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Cameron pointed out this old stump to me in the way dogs do when on a forest walk. At first I thought, “Hey, that’s pretty funny.” Then I realized a piece of history like this should be left to age gracefully and that this was not so funny after all. I thought back to my favourite Salt Spring springboard stump and decided to re-post content from March of 2016:
This massive Cedar stump (about 10 feet high) is evidence of the early days of logging on Salt Spring Island. In order to reduce the amount of cutting (by hand) and make possible the cutting of a tree on a steep slope, the loggers cut notches to accommodate ‘springboards’. They would then stand on the springboards and cut the tree above the much wider butt. This would not only reduce the amount of work but would make transporting the log possible. Or so I’ve read…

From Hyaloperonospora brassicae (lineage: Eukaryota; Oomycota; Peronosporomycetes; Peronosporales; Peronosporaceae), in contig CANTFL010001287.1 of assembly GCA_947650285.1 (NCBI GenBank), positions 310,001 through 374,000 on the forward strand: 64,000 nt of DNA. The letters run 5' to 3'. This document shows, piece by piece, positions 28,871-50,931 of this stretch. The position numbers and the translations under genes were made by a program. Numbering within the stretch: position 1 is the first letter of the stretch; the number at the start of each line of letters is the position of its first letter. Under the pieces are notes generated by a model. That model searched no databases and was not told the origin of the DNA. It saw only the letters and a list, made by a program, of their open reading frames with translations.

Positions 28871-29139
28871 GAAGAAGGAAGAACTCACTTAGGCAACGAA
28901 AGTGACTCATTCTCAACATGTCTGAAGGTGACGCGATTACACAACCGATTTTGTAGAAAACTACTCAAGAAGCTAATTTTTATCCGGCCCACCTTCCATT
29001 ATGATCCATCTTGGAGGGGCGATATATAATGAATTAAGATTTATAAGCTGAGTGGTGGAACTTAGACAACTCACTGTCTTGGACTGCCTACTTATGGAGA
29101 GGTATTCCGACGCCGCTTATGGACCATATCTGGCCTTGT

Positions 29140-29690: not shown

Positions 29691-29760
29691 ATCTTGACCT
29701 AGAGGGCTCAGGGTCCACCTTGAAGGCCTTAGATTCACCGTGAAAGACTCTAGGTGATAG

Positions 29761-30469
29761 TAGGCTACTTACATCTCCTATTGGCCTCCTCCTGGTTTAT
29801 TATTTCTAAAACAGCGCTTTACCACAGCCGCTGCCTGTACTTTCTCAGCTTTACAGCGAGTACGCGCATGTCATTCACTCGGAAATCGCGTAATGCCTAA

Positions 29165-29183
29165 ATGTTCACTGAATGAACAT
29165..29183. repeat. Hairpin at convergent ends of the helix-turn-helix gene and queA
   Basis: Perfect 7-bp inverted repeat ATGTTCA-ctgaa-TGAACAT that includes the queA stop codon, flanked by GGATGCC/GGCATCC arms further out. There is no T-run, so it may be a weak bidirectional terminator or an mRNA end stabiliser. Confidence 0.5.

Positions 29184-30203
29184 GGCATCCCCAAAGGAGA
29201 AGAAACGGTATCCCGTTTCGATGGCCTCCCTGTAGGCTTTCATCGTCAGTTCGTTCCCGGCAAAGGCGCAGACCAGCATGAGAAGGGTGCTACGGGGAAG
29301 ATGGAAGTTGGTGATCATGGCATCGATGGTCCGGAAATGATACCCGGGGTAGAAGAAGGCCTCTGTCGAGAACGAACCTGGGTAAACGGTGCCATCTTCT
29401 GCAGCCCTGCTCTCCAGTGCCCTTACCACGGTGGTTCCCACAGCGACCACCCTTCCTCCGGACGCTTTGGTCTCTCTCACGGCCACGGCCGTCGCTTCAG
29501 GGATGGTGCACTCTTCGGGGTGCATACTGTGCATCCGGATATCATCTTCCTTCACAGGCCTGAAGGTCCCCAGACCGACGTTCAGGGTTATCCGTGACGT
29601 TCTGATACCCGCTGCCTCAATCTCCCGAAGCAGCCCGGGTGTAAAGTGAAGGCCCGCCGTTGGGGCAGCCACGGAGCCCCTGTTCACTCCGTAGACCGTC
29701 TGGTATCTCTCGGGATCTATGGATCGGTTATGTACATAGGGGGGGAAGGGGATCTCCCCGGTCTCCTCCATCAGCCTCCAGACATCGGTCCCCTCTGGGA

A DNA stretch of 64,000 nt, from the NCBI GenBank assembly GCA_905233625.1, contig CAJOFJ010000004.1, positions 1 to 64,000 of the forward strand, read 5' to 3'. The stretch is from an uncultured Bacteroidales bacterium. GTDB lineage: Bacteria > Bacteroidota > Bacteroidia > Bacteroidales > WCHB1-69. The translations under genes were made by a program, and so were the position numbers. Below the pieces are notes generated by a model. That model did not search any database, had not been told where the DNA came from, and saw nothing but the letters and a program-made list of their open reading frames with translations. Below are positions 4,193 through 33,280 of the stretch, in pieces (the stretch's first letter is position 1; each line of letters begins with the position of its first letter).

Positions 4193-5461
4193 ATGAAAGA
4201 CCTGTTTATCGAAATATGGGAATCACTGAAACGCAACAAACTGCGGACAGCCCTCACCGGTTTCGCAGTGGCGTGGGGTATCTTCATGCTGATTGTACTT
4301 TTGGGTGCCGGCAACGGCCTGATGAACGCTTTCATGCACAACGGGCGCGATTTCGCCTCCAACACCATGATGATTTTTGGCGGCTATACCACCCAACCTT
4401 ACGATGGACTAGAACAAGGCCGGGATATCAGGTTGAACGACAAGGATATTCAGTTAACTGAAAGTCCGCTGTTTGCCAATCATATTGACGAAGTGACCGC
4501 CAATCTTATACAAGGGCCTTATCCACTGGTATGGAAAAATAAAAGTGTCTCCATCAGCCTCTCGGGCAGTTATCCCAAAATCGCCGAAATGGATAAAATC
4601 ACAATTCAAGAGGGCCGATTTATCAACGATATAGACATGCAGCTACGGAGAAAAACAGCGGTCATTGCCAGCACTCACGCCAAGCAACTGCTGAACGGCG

For me it was a beautiful moment with exquisite light and colours—and a glimpse into the past.
St. Mary Lake’s been frozen across for a couple of days. The ice at the northeastern shoreline seems very thick—as in more that 20 cm thick.
See more here tomorrow (here, not on the lake itself which may be covered in rain water by the afternoon…sigh, it’s so unusual and pretty today)